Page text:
Giants’ Contract Candidate Tipped to Become All-Pro in 2023

Andrew Thomas and Azeez Ojulari

Getty A New York Giants' starter in line for a contract extension is tipped to make 1st-team All-Pro this season.

Dexter Lawrence made the leap from former first-round draft pick to All-Pro for the New York Giants in 2022, and another key starter is tipped to make the same progress this year.

Left tackle Andrew Thomas will become a first-team All-Pro in 2023, according to Bleacher Report’s Maurice Moton. He believes Thomas “could reach his full potential at an All-Pro level with continuity in the Giants’ offensive system.”

It’s a strong argument since Thomas is entering his fourth season as the unchallenged blindside protector for quarterback Daniel Jones. He’s also getting a second exposure to the system favored by head coach Brian Daboll and offensive coordinator Mike Kafka.

As Moton pointed out, their schemes should become more expansive this season, thanks to the arrival of “multiple pass-catchers, including tight end Darren Waller (via trade with the Las Vegas Raiders), rookie third-rounder Jalin Hyatt, Jamison Crowder and Parris Campbell. If Jones shows some improvement in the passing game, Thomas may get some of the spotlight as his top offensive lineman.”

More pass blocking will not only let Thomas firm up his All-Pro credentials. It can also strengthen his case for a contract extension featuring terms at the top end of the lucrative offensive tackle market.

Former 4th-Overall Pick Growing in Stature Every Year

Thomas has improved every season since being drafted fourth-overall in 2020. While he flashed the potential to dominate as a rookie, his debut season was ultimately marred by too many sluggish performances.

Things changed in 2021, despite an ankle injury costing Thomas four games. He started 16 games last season and was named second team All-Pro, behind only Trent Williams of the San Francisco 49ers.

Plays like this block against 9.5-sack edge-rusher Uchenna Nwosu against the Seattle Seahawks, highlighted by Nick Falato of SB Nation’s Big Blue View, were the hallmark of Thomas’ banner campaign.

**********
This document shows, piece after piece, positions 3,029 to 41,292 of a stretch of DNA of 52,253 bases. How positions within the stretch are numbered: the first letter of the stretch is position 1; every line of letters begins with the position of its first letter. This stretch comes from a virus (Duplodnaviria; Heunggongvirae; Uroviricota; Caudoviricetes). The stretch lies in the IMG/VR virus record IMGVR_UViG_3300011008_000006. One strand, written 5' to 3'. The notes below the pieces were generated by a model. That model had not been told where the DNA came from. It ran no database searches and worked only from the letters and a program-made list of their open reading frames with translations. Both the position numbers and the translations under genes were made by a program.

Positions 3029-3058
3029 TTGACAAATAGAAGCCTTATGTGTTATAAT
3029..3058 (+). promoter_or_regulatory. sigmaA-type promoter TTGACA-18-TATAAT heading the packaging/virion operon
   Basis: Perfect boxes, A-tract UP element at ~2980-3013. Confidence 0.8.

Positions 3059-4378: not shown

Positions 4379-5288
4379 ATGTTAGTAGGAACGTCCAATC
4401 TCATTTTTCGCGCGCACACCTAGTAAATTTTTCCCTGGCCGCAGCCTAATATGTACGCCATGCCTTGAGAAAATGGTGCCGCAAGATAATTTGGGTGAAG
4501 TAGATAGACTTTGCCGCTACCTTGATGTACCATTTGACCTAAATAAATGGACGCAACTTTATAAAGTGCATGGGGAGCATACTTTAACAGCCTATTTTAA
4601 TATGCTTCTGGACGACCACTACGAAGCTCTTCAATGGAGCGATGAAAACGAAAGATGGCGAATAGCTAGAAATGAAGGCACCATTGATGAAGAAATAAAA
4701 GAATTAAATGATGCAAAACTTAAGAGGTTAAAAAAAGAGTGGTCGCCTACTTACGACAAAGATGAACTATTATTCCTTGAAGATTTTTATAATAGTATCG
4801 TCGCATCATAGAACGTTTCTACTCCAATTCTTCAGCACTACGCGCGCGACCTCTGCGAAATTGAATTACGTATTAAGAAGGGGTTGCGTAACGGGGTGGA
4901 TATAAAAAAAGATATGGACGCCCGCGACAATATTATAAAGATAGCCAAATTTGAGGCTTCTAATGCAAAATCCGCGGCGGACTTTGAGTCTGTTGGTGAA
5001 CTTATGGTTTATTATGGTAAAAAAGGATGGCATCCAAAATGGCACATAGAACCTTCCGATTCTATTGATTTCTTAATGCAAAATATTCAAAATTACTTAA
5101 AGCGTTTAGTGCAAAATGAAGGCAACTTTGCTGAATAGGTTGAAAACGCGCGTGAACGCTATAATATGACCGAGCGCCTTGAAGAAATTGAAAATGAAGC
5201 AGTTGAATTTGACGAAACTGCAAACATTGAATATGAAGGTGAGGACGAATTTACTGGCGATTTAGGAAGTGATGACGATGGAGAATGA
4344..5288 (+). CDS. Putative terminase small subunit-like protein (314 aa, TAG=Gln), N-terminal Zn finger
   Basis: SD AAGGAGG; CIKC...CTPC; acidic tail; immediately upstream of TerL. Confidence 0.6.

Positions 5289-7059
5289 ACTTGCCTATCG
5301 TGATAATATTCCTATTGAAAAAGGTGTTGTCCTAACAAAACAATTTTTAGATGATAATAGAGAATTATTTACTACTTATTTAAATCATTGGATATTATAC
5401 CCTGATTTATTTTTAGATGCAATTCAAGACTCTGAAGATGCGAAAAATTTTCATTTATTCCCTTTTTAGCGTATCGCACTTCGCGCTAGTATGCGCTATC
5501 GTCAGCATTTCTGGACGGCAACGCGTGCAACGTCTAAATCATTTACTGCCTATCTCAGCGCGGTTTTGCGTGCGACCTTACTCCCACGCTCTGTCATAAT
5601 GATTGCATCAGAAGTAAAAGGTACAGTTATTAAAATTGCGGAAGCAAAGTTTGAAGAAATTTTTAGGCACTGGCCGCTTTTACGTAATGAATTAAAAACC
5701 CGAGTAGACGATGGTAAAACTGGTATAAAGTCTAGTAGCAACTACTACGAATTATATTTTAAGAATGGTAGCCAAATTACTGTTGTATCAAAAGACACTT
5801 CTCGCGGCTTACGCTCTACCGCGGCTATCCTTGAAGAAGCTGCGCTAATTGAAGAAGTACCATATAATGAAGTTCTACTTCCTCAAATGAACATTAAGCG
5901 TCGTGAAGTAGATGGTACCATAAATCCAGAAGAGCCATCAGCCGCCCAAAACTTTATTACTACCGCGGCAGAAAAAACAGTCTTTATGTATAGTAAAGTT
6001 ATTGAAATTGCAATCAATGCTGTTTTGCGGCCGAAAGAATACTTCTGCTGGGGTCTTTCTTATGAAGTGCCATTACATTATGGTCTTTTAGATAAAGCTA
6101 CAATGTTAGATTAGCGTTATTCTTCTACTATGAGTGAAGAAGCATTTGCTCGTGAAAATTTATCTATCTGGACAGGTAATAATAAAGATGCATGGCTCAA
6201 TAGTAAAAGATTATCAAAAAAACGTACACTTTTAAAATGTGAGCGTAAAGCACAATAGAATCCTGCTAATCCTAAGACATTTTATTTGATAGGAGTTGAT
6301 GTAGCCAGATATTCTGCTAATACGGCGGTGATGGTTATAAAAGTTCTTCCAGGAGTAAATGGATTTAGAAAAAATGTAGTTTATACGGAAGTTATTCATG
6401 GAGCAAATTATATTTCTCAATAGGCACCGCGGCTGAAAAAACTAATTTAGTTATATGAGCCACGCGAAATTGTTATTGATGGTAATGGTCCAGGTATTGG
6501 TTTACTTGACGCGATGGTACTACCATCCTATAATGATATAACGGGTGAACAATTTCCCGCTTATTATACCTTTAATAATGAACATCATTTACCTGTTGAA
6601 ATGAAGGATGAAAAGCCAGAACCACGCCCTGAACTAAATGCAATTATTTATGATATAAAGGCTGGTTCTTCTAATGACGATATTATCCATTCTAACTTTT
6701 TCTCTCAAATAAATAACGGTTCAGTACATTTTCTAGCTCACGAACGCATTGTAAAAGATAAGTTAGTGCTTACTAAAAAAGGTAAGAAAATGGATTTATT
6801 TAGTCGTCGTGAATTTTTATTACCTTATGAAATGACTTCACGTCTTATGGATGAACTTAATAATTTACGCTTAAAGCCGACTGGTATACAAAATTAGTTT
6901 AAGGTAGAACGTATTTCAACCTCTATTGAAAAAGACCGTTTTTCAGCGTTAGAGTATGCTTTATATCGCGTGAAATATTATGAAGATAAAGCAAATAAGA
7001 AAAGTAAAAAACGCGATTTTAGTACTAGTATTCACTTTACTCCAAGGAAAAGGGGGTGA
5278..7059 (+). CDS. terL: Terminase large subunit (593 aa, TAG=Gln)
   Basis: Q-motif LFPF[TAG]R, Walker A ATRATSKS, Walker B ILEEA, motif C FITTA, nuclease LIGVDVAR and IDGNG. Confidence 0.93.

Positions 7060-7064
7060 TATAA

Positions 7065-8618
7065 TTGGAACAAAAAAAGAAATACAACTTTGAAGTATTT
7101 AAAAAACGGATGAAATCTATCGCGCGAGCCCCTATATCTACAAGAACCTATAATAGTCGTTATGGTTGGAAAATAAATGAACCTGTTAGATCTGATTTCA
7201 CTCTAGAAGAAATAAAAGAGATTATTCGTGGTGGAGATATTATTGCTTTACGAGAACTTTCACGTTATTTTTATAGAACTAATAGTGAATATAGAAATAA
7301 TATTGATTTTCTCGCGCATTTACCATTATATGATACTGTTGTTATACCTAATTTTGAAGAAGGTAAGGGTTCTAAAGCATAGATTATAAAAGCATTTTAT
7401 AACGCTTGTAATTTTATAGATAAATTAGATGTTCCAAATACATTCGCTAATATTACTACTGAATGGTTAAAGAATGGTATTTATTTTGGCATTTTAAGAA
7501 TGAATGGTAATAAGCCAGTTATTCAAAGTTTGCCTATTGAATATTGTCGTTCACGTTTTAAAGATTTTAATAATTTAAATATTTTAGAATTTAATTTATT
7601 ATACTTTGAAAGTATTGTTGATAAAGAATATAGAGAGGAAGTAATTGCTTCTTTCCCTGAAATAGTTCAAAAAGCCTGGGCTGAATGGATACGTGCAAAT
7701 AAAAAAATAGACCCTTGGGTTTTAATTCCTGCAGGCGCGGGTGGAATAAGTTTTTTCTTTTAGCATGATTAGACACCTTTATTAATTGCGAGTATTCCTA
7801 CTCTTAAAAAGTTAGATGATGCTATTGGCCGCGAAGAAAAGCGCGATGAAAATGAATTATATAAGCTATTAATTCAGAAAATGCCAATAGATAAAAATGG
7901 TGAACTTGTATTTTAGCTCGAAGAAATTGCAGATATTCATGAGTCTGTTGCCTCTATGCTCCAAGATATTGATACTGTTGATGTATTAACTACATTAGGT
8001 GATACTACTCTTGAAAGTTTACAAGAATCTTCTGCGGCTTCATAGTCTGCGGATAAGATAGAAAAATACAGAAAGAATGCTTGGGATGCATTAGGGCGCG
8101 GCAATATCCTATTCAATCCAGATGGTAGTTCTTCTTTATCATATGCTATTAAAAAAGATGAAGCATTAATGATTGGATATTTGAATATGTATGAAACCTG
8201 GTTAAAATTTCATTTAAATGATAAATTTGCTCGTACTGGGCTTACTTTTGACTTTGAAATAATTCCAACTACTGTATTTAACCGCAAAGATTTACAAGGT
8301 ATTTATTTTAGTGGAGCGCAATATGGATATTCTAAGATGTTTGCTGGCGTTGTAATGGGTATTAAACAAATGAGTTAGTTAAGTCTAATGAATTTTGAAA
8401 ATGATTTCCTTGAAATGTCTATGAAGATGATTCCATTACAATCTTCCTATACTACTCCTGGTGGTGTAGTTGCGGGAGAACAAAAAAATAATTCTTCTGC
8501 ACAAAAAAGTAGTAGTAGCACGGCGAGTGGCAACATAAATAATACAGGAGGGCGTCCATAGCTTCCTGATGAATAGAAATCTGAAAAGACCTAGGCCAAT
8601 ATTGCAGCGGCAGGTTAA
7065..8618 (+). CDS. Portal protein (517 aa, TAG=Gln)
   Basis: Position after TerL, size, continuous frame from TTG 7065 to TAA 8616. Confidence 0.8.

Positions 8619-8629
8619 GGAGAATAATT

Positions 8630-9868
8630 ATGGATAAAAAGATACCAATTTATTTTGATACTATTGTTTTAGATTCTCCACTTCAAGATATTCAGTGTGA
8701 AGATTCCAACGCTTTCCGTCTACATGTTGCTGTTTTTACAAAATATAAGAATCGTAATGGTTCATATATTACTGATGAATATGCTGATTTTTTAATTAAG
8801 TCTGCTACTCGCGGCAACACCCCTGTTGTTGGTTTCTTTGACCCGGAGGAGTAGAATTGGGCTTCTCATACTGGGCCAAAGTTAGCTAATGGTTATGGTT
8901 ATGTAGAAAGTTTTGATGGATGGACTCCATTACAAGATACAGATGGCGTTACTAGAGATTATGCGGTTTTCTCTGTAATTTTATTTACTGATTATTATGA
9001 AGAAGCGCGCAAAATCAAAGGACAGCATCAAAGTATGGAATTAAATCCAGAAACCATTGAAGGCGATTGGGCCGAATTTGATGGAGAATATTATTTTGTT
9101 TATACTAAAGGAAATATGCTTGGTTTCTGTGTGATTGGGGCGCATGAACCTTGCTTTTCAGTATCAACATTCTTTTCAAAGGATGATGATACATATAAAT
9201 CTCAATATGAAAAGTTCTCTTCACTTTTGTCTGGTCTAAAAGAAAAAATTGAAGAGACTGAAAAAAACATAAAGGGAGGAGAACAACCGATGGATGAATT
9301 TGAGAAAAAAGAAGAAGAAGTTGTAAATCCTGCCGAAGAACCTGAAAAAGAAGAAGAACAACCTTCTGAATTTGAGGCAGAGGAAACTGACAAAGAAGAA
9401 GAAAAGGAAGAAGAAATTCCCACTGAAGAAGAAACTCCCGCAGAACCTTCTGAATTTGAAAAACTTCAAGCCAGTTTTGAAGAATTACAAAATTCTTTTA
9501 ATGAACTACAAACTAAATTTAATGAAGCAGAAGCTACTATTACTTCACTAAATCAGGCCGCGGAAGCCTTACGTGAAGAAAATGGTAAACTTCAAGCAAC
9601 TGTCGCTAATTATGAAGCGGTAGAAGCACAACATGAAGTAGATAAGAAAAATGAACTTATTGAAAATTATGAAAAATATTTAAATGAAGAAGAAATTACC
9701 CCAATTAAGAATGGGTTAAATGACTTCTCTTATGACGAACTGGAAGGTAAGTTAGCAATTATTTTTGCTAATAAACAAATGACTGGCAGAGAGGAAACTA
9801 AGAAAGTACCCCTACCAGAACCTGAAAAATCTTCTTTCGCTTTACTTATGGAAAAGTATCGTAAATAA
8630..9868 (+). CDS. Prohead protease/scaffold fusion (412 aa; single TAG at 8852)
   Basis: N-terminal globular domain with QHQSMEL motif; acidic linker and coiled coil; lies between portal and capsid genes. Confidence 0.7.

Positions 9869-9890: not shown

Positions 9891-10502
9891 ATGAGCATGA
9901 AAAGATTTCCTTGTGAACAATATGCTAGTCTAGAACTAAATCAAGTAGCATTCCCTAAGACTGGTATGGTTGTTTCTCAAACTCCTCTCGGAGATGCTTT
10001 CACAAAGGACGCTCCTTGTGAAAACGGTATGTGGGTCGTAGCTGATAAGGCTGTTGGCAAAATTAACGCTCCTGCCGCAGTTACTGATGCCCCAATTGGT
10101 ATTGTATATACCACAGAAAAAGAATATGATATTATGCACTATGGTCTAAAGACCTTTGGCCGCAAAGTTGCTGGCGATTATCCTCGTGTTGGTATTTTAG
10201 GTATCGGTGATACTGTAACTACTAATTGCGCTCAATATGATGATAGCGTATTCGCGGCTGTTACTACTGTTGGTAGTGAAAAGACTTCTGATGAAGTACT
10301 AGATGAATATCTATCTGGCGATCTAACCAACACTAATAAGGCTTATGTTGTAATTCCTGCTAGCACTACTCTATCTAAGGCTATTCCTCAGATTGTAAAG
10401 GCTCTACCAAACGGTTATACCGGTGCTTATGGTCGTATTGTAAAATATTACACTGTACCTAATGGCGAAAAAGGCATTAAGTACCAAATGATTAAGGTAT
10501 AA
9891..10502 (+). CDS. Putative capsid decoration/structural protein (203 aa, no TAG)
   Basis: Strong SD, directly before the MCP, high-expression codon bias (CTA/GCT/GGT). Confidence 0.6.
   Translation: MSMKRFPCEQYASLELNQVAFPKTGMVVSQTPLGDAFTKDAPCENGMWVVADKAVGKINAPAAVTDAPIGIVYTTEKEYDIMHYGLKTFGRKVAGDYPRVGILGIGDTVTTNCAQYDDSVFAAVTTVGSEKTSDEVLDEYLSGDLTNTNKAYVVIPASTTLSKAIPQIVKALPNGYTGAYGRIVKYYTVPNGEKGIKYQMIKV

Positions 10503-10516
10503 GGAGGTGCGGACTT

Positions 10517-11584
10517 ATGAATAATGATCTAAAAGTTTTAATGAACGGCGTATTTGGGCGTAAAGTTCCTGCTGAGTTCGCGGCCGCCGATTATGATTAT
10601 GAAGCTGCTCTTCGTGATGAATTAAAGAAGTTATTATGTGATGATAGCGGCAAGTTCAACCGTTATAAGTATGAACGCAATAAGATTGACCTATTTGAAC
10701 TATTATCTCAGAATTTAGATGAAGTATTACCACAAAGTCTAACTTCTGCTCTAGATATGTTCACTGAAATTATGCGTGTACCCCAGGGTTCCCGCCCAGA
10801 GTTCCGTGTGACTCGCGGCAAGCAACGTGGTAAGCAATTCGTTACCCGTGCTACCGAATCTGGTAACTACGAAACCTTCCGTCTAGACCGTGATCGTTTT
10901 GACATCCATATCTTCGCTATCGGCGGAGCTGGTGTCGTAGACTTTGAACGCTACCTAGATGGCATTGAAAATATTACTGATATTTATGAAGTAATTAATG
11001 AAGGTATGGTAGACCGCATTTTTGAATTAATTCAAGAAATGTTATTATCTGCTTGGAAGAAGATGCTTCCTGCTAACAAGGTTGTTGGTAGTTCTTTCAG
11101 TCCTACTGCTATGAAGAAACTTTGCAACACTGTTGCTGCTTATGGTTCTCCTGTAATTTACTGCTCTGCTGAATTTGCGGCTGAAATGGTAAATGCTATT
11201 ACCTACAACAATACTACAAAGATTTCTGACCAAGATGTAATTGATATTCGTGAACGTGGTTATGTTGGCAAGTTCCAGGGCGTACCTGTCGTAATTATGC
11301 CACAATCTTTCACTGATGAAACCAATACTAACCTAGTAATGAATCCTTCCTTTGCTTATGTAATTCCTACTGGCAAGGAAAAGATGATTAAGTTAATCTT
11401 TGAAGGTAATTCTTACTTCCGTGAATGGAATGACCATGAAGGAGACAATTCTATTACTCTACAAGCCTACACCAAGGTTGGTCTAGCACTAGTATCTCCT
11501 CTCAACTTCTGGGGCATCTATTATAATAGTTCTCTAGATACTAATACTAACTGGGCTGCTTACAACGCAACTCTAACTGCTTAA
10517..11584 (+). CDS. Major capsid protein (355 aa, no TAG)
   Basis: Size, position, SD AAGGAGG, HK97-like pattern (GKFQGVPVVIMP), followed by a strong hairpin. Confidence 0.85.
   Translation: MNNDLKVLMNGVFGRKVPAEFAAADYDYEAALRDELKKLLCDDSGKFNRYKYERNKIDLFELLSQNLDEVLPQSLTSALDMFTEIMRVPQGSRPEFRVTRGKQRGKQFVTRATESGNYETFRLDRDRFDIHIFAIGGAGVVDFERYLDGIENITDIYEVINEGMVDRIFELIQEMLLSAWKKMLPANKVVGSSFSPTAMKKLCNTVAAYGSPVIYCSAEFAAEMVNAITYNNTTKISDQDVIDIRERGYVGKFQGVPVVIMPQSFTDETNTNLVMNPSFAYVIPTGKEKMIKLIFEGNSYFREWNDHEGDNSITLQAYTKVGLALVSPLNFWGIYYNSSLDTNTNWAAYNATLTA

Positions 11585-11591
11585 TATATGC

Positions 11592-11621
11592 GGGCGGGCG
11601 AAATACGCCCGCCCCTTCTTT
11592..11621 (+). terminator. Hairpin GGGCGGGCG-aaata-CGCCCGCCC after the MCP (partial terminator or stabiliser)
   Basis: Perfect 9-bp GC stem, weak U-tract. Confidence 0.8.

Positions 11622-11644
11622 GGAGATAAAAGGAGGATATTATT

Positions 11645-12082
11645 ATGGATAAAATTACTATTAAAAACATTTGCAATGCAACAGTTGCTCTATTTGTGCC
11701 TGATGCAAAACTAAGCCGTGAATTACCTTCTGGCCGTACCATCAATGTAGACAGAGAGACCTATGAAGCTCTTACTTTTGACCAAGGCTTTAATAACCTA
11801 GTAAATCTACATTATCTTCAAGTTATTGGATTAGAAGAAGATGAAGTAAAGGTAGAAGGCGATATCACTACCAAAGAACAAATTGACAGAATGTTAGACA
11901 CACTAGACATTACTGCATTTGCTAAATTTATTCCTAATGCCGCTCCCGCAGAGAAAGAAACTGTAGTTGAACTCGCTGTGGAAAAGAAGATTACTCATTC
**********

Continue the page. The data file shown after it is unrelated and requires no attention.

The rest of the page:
Protecting the pocket was a standout feature of Thomas’ game last season, per numbers from Trevor Sikkema of Pro Football Focus, who noted the player’s “89.9 pass-blocking grade in 2022 was one of the highest marks in the league, and he allowed just seven sacks or hits on 700 pass-blocking snaps.”

Thomas was also a force in the running game. His power and drive helped Saquon Barkley return to form in spectacular style by rushing for a career-high 1,312 yards.

Barkley thrived thanks to blocks like this one by Thomas on Jacksonville Jaguars’ defensive end Josh Allen (41), per Falato.

Thomas has done all he can to merit All-Pro status. He’s also done enough to guarantee his next payday will be a big one after the Giants picked up his fifth-year option this offseason.

Giants’ Linchpin Primed to Get Paid

He may be under contract for two more years, but Thomas’ long-term future represents a tricky decision for the Giants. Specifically, general manager Joe Schoen must choose the right moment to begin talks about an extension for the 24-year-old.

Starting those talks now could be cheaper than waiting, according to former player agent Joel Corry. The contract analyst for CBS Sports explained to the New York Post’s Ryan Dunleavy why the deal will hinge on how much the Giants want to exceed what Laremy Tunsil earns with the Houston Texans.

Tunsil is the highest-paid left tackle in the NFL, earning an average of $25 million annually for three years, per Dunleavy. Corry believes “there’s no deal to be made unless you are topping Tunsil. You could make a case Thomas was the best left tackle last year, so you can either do it now and be a little above Tunsil or, if he has another year like last year, it’s going to be much above.”

It’s not a stretch to suppose Thomas will play above Tunsil’s level in 2023. The latter is part of a rebuilding team under first-year head coach DeMeco Ryans, who will ask Tunsil to protect a rookie quarterback, second-overall pick C.J. Stroud.

Thomas, meanwhile, is four years younger, playing for a team that went to the playoffs last season and has since retooled its offense. Jones is surrounded by more weapons and will need to air the ball out more often to justify the four-year deal worth $160 million he signed before free agency.

If Jones makes strides as a passer, Thomas will be having a season good enough to add some zeroes to his next contract. Having their QB1 paid and secured gives the Giants more funds to pay Thomas, who Corry believes should keep an eye on the next deal given to Tristan Wirfs of the Tampa Bay Buccaneers: “If I’m him, if we don’t get something done now, I’m waiting for (Buccaneers’) Tristan Wirfs’ deal to get done — that is going to be a blockbuster when they are not paying a quarterback there — and then trying to top him.”

The Giants won’t want other marquee tackles to inadvertently set Thomas’ market. It’ll be better for Schoen to lay some early groundwork for an extension on the Giants’ terms.

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